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3 hours ago, Terez said:

I attended both opening night and Sunday’s closing matinee performance and was delighted by the energy of the latter...

We all appreciate the post-performance write-ups!

Good of you to mention Ulrich - he always gave a darn, and expressed himself well, and that's what came through for me. There is a thread about his passing here:
https://balletalert.invisionzone.com/topic/44928-allan-ulrich-has-died/?tab=comments#comment-417529

Thanks for the mentions of Frantziskonis, Powell and Sheehan - I like to follow their progress. I'm pretty sure Powell has danced Arabian before in the past couple of years (as well as the other Nutcracker divertissement roles for women, and the Act 1 Ballerina Doll). Your question makes me wish there was an online database of the roles danced by SFB members. It just occurred to me the other day - Ulrik Birkkjaer must be nursing an injury, or did he dance in the first half of the Nutcracker run? I don't remember seeing his name in the castings.

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Willam Christensen’s 1944 Nutcracker
https://sfballet.blog/2019/willam-christensens-1944-nutcracker/

Related: America's First Snow Queen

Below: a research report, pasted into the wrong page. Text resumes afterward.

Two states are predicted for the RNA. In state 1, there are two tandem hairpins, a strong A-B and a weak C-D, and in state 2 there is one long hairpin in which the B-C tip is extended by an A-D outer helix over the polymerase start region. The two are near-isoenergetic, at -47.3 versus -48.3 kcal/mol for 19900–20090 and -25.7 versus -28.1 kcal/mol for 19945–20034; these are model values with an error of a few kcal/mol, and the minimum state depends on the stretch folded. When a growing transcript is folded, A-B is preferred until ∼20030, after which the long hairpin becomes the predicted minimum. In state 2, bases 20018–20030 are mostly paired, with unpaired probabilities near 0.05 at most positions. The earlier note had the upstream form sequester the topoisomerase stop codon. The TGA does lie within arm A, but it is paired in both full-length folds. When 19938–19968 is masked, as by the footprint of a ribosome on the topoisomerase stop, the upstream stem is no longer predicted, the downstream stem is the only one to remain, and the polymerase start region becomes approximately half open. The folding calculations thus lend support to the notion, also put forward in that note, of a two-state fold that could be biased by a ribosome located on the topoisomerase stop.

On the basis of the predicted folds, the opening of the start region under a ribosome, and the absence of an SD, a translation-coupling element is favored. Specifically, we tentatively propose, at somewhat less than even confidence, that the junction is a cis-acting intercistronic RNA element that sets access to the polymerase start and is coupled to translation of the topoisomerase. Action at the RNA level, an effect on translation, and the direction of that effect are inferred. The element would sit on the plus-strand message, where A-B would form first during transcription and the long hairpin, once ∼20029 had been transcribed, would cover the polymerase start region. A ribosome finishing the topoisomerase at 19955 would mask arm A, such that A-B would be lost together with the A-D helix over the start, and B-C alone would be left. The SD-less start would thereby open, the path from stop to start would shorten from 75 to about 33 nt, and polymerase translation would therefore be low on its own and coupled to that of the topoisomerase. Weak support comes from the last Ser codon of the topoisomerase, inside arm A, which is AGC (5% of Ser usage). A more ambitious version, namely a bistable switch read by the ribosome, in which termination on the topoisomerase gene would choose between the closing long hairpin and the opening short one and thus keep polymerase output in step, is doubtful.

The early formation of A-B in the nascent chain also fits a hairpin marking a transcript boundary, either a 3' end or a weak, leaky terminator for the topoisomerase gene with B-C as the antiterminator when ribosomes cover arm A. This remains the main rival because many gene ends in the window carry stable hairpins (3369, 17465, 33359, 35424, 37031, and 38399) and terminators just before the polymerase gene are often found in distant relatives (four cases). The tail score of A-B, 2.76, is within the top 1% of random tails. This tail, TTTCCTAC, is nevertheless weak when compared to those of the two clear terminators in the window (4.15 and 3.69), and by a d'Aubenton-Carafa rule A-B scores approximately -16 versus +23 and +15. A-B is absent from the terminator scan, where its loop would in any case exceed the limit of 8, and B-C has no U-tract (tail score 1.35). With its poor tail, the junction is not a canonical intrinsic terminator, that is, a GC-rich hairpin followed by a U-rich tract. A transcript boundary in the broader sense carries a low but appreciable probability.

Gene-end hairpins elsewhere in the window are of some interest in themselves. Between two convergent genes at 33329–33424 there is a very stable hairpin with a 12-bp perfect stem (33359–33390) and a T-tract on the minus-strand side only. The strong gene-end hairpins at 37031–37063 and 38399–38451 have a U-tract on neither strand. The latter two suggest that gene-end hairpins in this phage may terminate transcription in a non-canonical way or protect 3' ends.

https://sfballet.blog/2019/americas-first-snow-queen/

Nutcracker Close Up
https://sfballet.blog/2019/nutcracker-close-up/

Quote

“Costumes have to tell you in a moment what that person is feeling, what they’re going through—what changes are happening,” said Costume Designer Martin Pakledinaz, when accepting a Tony Award for his designs for Broadway’s

Thoroughly Modern Millie. Pakledinaz designed the costumes for Helgi Tomasson’s Nutcracker in 2004, and added beautiful detail to each garment. Why trouble with something that may never get noticed? Even if the audience can’t see the details, the costumes help a new set of dancers get into character each year. Below are close-up details from Nutcracker costumes, followed by dancers wearing them onstage.

Edited by pherank

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6 hours ago, pherank said:

I enjoyed the "Nutcracker Close Up" article, Pherank; I've never seen that one before. Elizabeth Mateer looks gorgeous in Arabian; that would have been a fun performance to see. BTW, I was referring to Swane Messaoudi when I queried whether others had seen her perform it. She was a sub for Lizzie P, whom I saw perform it last year (beautifully, of course). Hope it was just a minor issue that took Lizzie P off the cast list for Sunday afternoon.

Thank you, too, for posting the link to the discussion about Allan Ulrich's passing. That was nice to read. There doesn't seem to be a reviewer currently who can match his artfulness. But there you have it -- just like dancers moving on, so do the reviewers.